• (Description continues on next slide)
ventricular fibrillation tracing part 1

Description (continued)

  • Coarse V Fib is when a majority of the waveforms measure 3 mm or greater
  • Fine V Fib is when a majority of the waveforms measure less than 3 mm
  • This is absolutely a life-threatening dysrhythmia which requires, immediate, effective, and aggressive care.
  • (Follow your local reporting and treatment protocols)
  • If your patient is talking to you when you see this on the monitor, then your patient is not in V Fib. Always, check your patient first, but there will likely be a loose or disconnected lead wire or electrode.
ventricular fibrillation tracing part 2

Practice Strip

  • Analyze this tracing using the five steps of rhythm analysis.
  • Compare your answers with the answers on the next slide.
ventricular ecg image 120

Answers

  • Rhythm: Irregular
  • Rate: Unable to determine
  • P Wave: absent
  • PR interval: absent
  • QRS: absent
  • Interpretation: Ventricular Fibrillation (Fine)
ventricular ecg image 120

Asystole

Description

  • This dysrhythmia occurs when there is a total absence of electrical activity in the heart.
  • The patient is clinically dead.
  • Sometimes this tracing is referred to as straight line or flat line.
  • There will be an absence of P waves and QRS complexes.
  • True Asystole is an absolute medical emergency.
  • (Follow your local reporting and treatment protocols)
  • If your patient is speaking to you, they are NOT in Asystole. Check your attachments and equipment.
asystole tracing

Practice Strip

  • Analyze this tracing using the five steps of rhythm analysis.
  • Compare your answers with the answers on the next slide.
ventricular ecg image 121

Answers

  • Rhythm: Absent
  • Rate: 0
  • P Wave: absent
  • PR interval: n/a
  • QRS: absent
  • Interpretation: Asystole
ventricular ecg image 121

Ventricular Asystole

Description

  • Another form of Asystole you may encounter is called Ventricular Asystole.
  • The features are the same as traditional Asystole, with one exception.
  • There will be P waves present in this tracing.
  • The patient is clinically dead. The patient will not survive with just atrial depolarization.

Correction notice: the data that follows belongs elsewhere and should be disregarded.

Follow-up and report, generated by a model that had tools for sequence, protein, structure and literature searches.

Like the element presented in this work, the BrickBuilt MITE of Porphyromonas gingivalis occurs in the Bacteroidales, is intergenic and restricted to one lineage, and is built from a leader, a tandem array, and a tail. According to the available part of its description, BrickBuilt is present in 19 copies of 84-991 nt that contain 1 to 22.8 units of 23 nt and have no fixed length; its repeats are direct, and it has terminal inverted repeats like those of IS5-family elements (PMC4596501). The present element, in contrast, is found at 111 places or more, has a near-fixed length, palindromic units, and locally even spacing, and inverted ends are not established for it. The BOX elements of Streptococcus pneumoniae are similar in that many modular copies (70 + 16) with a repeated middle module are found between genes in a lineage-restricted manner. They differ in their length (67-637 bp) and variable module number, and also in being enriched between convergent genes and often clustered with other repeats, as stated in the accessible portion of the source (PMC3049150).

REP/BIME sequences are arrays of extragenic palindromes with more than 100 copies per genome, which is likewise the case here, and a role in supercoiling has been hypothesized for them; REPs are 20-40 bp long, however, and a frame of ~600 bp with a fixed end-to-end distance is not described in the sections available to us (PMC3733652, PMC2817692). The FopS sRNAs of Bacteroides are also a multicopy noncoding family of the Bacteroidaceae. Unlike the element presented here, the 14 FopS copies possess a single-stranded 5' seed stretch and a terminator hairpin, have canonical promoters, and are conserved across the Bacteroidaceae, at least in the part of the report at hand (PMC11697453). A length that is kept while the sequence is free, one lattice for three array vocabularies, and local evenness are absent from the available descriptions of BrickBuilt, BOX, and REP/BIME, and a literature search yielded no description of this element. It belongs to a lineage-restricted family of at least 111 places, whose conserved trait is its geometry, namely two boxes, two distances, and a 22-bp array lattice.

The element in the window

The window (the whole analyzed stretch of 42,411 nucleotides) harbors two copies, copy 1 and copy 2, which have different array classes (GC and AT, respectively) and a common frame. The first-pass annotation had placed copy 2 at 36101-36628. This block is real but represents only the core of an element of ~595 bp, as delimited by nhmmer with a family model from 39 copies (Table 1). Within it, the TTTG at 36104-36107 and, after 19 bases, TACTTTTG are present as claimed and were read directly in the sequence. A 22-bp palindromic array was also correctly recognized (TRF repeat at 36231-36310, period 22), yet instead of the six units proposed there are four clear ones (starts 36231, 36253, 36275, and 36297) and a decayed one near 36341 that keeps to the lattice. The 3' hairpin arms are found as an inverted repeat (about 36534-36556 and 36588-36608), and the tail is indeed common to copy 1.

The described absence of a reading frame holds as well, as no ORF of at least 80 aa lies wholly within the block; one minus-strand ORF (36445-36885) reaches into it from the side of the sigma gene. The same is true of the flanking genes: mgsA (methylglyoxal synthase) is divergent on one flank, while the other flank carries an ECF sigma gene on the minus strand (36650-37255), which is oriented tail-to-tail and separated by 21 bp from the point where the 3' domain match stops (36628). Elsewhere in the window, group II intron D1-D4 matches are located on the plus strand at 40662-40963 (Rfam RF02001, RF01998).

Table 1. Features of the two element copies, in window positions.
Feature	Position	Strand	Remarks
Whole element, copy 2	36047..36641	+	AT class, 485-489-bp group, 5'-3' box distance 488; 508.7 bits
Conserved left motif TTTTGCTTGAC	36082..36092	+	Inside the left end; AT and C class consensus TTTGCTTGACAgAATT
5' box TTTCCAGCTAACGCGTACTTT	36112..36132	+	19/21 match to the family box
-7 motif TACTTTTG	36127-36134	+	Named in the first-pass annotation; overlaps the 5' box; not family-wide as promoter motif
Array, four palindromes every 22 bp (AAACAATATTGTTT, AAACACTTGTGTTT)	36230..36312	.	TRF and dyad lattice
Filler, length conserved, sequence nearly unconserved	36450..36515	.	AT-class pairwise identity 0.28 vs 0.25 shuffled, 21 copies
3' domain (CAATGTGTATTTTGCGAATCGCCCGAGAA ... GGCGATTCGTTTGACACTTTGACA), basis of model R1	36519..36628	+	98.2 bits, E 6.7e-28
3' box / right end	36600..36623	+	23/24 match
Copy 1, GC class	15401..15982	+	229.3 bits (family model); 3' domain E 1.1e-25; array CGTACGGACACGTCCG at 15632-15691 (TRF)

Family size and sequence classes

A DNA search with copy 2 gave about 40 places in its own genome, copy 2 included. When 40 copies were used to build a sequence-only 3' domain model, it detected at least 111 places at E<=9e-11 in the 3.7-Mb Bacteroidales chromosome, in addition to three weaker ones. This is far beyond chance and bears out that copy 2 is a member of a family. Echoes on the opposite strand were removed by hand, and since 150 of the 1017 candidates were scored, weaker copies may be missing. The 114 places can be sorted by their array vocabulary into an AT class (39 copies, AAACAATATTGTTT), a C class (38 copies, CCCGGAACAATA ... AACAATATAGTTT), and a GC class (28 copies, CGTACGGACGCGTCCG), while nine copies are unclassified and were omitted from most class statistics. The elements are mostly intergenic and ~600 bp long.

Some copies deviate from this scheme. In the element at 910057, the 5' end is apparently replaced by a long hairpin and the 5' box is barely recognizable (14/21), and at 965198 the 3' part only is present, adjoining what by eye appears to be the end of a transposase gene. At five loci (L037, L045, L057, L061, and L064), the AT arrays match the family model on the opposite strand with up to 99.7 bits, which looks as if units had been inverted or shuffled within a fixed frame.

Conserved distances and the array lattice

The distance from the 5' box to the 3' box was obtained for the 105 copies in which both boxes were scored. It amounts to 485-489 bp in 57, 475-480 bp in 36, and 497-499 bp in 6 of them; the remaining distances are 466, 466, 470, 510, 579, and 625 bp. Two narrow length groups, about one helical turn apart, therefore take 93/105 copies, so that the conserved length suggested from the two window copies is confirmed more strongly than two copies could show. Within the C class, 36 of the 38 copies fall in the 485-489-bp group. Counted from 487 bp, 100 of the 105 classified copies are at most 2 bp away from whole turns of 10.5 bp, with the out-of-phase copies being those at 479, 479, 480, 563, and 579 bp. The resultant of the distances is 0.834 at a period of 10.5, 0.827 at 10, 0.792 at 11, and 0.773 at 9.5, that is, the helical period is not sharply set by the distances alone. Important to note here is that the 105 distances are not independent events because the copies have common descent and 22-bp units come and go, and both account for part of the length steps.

• (Follow your local reporting and treatment protocols)
ventricular asystole tracing

Practice Strip

  • Analyze this tracing using the five steps of rhythm analysis.
  • Compare your answers with the answers on the next slide.
ventricular ecg image 122

Answers

  • Rhythm: Regular
  • Rate: Atria – 52, Ventricles - 0
  • P Wave: Upright and uniform
  • PR interval: absent
  • QRS: absent
  • Interpretation: Ventricular Asystole
ventricular ecg image 122

Test Questions 1-4

Question #1

When analyzing a rhythm strip, it qualifies as being regular when

A. the QT intervals are the same
B. the PR interval measures the same
C. the QRS complexes measures the same
D. the R - R intervals measure the same




Question #2

Which of the following steps is not one of the five-steps of rhythm analysis?

A. PR interval measurement
B. Rhythm regularity
C. QT Interval
D. QRS complex measurement




Question #3

Which of the following is considered normal range of the QRS complex?

A. 0.12 - 0.20 minutes
B. 0.06 - 0.10 minutes
C. 0.12 - 0.20 seconds
D. 0.06 - 0.10 seconds




Question #4

Which of the following is considered normal range of the PR interval?

A. 0.12 - 0.20 minutes
B. 0.06 - 0.10 minutes
C. 0.12 - 0.20 seconds
D. 0.06 - 0.10 seconds





Test Questions 5-9

Question #5

Which feature is most closely associated with ventricular rhythms?

A. Narrow QRS complex
B. PR interval measuring greater than 0.20 seconds
C. Absence of P waves and wide & bizarre QRS complexes




Question #6

Bigeminy PVC’s are occur how often in a cardiac tracing?

A. Not at all
B. Every fourth complex
C. Every third complex
D. Every second complex




Question #7

What is the difference between Accelerated Idioventricular Rhythm and Ventricular Tachycardia?

A. Absence of P waves
B. Heart rate greater than 100 bpm
C. Inverted P waves
D. Wide and bizarre QRS complex




Question #8